S'mores oozing with melted chocolate; warm evenings spent singing around the roaring campfire; long afternoons floating in the cool, murky river. There is little doubt that the excitement of summer is only made better by the promise of another fun-filled camp experience. But for many families, plans of summer camp are not as assured. What if your child is coping with a chronic illness? What if you prefer for your child to have a more socially-conscious camp experience? What if the thought of camp overwhelms your child with feelings of homesickness?

Over the past several years, camps have spent considerable time and resources crafting more specialized camp programs. As reported by the American Camp Association, the $15 million camp industry has recognized the growing need to expand camp options to include campers that may have previously been unable to participate. So before you dismiss camp as an impossibility for your child, why not consider one of these unique programs? After all, every child should be able to share a story beginning with the phrase, "This one time at camp … "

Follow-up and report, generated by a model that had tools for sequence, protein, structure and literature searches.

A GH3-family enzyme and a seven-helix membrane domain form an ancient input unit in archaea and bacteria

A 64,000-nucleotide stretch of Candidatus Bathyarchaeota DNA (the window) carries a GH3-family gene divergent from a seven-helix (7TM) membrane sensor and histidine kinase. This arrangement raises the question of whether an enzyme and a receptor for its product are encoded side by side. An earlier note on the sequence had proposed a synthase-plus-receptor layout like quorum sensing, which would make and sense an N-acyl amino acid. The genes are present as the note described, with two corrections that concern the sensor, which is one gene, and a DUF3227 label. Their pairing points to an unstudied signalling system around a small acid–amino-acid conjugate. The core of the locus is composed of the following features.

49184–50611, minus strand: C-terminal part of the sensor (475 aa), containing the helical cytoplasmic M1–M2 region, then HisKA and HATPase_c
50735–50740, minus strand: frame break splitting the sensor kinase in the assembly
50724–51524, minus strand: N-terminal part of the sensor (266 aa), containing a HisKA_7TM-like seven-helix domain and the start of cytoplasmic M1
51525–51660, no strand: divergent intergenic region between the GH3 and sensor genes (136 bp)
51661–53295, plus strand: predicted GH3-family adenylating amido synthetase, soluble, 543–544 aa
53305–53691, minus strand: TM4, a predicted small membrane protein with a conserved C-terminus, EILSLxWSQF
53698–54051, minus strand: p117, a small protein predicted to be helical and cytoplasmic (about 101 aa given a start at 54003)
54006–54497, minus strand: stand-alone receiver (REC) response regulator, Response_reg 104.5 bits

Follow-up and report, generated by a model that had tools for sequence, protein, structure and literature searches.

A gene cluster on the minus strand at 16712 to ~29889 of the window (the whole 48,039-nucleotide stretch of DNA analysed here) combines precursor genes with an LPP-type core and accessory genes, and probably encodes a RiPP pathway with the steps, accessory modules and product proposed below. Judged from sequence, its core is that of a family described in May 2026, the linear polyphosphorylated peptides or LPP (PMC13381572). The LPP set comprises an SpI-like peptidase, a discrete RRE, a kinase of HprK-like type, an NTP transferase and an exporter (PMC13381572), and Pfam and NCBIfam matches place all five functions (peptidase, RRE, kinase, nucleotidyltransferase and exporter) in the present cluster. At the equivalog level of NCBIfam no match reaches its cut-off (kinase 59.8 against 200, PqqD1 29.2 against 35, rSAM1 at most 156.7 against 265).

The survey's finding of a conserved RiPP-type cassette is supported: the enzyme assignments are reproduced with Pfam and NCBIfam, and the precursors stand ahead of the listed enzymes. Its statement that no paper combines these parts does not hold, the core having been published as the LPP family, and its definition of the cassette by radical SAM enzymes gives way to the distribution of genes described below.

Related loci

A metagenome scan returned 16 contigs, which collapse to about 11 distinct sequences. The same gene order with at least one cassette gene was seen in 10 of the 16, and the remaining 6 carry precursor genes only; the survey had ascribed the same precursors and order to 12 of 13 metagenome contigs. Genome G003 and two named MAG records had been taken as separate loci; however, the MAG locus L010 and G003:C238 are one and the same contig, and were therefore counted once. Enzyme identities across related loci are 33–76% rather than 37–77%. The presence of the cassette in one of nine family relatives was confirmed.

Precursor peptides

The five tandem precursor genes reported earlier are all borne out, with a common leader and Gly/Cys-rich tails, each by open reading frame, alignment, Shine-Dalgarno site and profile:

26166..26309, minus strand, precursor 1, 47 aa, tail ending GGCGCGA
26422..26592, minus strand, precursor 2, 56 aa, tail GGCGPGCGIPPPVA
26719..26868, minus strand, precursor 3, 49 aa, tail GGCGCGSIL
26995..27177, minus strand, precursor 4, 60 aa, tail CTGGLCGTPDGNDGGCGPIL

Camp for Children with Chronic Illnesses

For a child struggling with a chronic illness, camp is most likely the last way he imagines spending his summer. But as the American Camp Association suggests, summer camp can provide an ideal retreat from the routine of doctors and diagnosis. Ann Gillard, Ph.D., maintains in her 2014 report, "Campers with Serious Illnesses," children who experience significant health issues can face overwhelming feelings of isolation and struggle socially. She finds that camp provides an ideal space for these children to feel supported by peers who share a similar experience.

These were the issues Sandra Cushner Weinstein, an Assistant Professor of Pediatrics and Neurology at The George Washington University School of Medicine, hoped to remedy when she founded the Brainy Camps Association. Since 1994, Brainy Camps has welcomed children with chronic illnesses to partake in an unforgettable summer camp experience. Originally founded as a camp for children with epilepsy, the program now offers specialized weeks for children diagnosed with sickle cell anemia, heart disorders, type 1 diabetes and other health conditions.